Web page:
I just got off the phone talking to my parents. What gems they are. My mother is one of my best friends, if not the best. She has the gift of turning every negative into a positive, such a refreshing change and a much needed quality. How she stays positive is what I think I admire so much about her. Both my parents are in their mid 84 with fairly serious health issues. My father lost his hearing in WWII in one ear and has lived since with tinnitus and has a variety of aging problems, but I swear, nothing gets them down.
My poor mother suffers from Macular Degeneration and is nearly blind. I can't imagine the frustration of nothing being able to get around my own or worrying about missing a step and falling. Yet she handles it with grace, dignity and her ever-present humor. She still loves to "read" her books on tape where we can talk about what we each liked or disliked about the story. Both of our favorite have always been the historical novels.
I'm bless to have her in my life. It's a joy to talk to her, and I usually find myself laughing so hard I have tears running down my face as she recounts the never before told tale of Edith, the odd cousin who would hide behind the sofa when people would come over. Tonight she told me about her days of selling War Bonds in Northern California. Man, for a good girl, she got around. She was always dating soldiers either on leave or home from the war. At 18, She loved to date, but knew she was too young to get serious with any one man.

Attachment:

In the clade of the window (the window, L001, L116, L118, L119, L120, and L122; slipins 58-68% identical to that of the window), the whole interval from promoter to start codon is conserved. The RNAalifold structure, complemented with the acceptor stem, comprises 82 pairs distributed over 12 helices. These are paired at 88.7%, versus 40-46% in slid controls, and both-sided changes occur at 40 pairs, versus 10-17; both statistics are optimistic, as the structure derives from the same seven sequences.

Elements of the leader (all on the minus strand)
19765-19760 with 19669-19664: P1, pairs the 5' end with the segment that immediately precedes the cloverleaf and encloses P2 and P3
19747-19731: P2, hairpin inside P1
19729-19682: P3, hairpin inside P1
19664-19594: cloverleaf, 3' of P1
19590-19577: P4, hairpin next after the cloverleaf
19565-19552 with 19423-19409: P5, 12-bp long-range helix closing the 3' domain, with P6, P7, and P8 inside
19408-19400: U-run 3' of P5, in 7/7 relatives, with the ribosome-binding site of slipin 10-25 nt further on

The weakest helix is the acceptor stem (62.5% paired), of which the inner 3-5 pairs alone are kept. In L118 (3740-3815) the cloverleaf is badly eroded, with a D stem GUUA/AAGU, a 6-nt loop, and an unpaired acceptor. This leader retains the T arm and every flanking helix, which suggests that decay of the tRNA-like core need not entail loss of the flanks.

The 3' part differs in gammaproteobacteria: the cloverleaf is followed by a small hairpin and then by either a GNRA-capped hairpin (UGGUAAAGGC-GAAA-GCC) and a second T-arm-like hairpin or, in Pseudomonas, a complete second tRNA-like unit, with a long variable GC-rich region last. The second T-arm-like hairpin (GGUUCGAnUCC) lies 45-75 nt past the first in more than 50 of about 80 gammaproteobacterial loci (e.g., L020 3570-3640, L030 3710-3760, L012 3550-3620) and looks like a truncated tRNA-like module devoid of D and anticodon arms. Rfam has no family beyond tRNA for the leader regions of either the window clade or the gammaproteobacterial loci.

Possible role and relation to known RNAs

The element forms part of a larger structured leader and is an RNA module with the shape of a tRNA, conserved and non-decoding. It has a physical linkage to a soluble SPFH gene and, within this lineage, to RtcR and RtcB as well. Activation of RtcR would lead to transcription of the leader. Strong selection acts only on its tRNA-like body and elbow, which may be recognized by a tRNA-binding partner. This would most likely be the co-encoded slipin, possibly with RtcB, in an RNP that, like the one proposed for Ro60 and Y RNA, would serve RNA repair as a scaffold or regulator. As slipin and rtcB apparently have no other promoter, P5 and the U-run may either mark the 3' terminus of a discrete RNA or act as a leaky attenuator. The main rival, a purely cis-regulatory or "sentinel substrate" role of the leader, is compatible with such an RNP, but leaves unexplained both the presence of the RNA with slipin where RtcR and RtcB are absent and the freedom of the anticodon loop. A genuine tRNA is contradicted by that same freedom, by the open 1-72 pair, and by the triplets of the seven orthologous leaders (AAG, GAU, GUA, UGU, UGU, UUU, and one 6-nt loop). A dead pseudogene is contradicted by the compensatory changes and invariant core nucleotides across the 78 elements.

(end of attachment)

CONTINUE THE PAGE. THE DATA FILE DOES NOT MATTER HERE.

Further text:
Inevitably, they would fall in love and my mother as she told me, never wanting to hurt their feelings would have to find some way out of the relationship. In a letter to her father, they both came up with a sure fire idea. When my mother's boyfriends were becoming too serious, she would write my grandfather and he would in turn write her back as a long lost boyfriend. Each letter he changed his name. Some times he was Claude the door to door fuller brush sales man with bad knee, and a mother with 18 cats or Ruffus, the Assistant ice rink manager who lost his sister in a tragic ice fishing accident. When my mother opened her "romantic letter" in front of her love besotted suitor, she never knew what story my grandfather was going to tell or how odd/silly it was going to get.
I guess that's where I get my love of story telling. Thanks for the laugh mom! I wish you could blog, you'd love it!